5. (+) Discussion - This line says it all: "This is literary science fiction with a feminist twist, and it explores themes of choice, agency, rebellion, and family." What first drew me to this novel was the comparison to Atwood's Handmaid's Tale, especially since I had never seen a teen novel refer to that work. This book has a beautiful empowering feel and plenty to discuss on the above topics... and privilege. Duncan expertly points out the differences in class among all the societies that she's created and it's all so very real.
6. (+/-) Explanation - This was just a small distraction I'd had while reading. I wanted to know how the Parastrata came to be so rigid in its gender roles and origin stories and the like - like how Margaret Atwood's The Handmaid's Tale talks of how the women basically woke up one day and their rights were taken away, and slowly but surely this terrifying society was built & reliance on baby-bearing born. Of course Ava's character was not in much of a position to know this information, but that doesn't mean that I as a reader wouldn't crave it. Especially with such a highly advanced world (colonies? The Earthen technology) and well developed settings. Also is there no governing society with laws to ensure that these kind of infringements happen? I mean, all the merchant ships - if they are transporting goods to colonies, wouldn't there be some regulation? And the other crewes recognize how strange Parastrata's very rigid patriarchal society is. Anyway, none of this took away my enjoyment of the novel.
7. (+) Characters - This book is mostly character-oriented story for Ava, and not the rest, but it does take the time to develop other characters. And despite the fact that it's about Ava growing from her starting point in a severely male-dominated society, very rigid gender roles and all, it is the female characters that rule the day in this book. (For me at least and I loved the different strengths Duncan portrayed in them.)
8. (+) Writing - Science fiction novels sometimes have dry, futuristic writing, but not so here. Alexandra Duncan does a fantastic job at incorporating sensual details. She's also invented some brilliant slang for the futuristic world that never seemed too much to me and was easy to understand from the get-go. Readers who are wary of dialects ought to try an excerpt of the novel to see if it works for them too.
9. (+/-) Pacing - The one thing that kept me from enjoying this novel as much as I could have was its slow pacing. There's always something happening, to be sure, like world-building and character building and etc. etc. But since so much happens to Ava in the course of the novel, and with many different societies to explore, I felt the 500 page weight as I was reading.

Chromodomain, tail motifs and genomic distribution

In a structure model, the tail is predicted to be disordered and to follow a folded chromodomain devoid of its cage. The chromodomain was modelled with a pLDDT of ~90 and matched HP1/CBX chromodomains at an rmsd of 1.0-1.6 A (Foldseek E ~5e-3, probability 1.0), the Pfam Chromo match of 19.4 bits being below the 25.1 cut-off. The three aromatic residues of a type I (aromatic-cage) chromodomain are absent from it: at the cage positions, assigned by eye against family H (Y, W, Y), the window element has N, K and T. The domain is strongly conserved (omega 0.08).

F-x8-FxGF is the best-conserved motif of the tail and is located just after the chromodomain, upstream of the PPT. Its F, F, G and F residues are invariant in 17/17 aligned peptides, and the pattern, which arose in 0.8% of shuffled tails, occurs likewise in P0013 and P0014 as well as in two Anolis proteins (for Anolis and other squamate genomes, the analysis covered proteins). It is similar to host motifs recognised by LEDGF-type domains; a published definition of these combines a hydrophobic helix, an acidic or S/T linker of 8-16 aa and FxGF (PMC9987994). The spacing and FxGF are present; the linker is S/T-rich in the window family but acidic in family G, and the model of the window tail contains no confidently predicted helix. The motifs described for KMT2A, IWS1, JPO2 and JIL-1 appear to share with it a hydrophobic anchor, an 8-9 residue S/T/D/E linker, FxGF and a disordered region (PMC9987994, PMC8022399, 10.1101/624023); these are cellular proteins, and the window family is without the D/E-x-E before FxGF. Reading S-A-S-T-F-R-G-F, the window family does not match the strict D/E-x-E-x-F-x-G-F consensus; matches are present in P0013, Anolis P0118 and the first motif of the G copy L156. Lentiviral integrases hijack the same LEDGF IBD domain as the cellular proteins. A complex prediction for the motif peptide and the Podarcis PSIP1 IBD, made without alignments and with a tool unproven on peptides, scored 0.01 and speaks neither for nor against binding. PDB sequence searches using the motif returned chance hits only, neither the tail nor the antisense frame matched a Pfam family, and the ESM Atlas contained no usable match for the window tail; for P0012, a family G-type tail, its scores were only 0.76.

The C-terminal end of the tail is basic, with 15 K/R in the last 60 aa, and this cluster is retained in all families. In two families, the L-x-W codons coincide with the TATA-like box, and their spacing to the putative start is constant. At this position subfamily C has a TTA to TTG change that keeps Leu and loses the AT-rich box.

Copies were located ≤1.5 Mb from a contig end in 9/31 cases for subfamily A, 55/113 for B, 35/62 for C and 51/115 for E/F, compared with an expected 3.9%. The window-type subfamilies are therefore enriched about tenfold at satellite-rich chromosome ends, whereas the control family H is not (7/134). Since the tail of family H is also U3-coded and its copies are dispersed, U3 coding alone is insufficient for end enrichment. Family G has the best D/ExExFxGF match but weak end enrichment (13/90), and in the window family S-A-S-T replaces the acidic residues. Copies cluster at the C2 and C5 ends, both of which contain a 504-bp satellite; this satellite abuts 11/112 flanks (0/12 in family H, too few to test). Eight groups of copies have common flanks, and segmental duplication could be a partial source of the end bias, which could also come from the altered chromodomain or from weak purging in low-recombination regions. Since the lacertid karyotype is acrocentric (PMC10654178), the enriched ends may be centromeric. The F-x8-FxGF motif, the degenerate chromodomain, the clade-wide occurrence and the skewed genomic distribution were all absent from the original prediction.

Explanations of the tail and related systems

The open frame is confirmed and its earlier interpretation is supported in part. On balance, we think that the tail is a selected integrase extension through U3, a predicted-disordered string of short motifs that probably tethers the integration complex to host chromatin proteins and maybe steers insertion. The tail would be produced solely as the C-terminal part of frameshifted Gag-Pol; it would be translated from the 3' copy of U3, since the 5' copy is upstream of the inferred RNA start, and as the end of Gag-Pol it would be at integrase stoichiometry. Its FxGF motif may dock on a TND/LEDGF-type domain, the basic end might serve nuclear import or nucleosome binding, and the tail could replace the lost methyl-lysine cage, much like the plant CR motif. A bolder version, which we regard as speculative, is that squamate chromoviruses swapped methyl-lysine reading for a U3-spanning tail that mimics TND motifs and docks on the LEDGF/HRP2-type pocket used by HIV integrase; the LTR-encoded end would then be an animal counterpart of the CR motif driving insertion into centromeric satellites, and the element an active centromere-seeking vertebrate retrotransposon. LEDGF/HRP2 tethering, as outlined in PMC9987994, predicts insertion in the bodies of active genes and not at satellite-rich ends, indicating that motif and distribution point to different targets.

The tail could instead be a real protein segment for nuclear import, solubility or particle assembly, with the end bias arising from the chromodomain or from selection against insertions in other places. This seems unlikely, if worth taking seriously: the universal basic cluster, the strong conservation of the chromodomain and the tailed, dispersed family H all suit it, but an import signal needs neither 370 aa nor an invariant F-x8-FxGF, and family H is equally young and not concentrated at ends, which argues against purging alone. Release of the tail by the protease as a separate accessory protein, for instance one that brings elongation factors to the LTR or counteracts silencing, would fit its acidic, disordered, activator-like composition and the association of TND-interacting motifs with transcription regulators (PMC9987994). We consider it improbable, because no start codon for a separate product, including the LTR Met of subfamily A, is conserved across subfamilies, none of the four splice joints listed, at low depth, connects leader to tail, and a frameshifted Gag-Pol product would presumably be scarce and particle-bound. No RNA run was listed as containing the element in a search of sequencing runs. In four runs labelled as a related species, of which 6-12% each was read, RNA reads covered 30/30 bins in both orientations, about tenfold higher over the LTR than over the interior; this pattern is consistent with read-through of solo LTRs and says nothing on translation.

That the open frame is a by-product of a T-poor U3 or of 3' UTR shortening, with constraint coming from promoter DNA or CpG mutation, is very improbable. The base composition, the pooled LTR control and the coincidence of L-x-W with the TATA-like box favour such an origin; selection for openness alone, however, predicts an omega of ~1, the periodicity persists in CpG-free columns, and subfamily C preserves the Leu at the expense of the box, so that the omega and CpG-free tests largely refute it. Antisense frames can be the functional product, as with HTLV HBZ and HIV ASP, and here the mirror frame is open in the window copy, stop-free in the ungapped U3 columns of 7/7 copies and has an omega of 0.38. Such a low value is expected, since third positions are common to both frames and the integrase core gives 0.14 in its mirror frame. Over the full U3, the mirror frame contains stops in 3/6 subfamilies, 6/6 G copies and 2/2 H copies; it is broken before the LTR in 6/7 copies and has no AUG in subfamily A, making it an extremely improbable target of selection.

10. (+) The Cover - Admittedly, I think this cover could depict the book and its unique settings better, but then again, they're so unique, I can imagine how hard that would be... and this cover is gorgeous as it is. Very eye-catching, some sci-fi, and a tagline that works to show the book as a whole.
Such unique settings (Parastrata the ship, the Gyre, and futuristic Mumbai!) and SO MUCH TO DISCUSS. If you're a teacher, it'd be GREAT to give this novel to your kids. This is the sort of novel that I wish I'd read in high school. I'm definitely going to look out for more from this author. Wonderful literary science fiction that I'd recommend to fans of Matched, Tin Star, and Across the Universe among others.
On the audience: The feel of this book - literary, personal growth, empowering, mostly focused on MC - reminds me of the feel in Not a Drop to Drink - there might be some crossover crowd there, despite the different topics. The epic scope of the world, plus the multiple plot threads, reminds me of Tin Star. Ava's character growth - the emphasis on choice and free will too - and some bits of the romance reminds me of that freeing feel in Matched. Ava's struggle to learn how to fit in Earthen society, compared to the sheltered world she'd known, might appeal to fans of Under the Never Sky, with Aria's character arc. There are also the obvious comparisons to Across the Universe and Starglass. The Edelweiss page also suggested that Salvage fit fans of The Handmaid's Tale - which I count myself among - and I would mostly agree with that assertion... but the timelines are kind of switched -- Offred's past is Ava's future, and there's more focus on how things came to be that way in THT. Still the comparison rings true.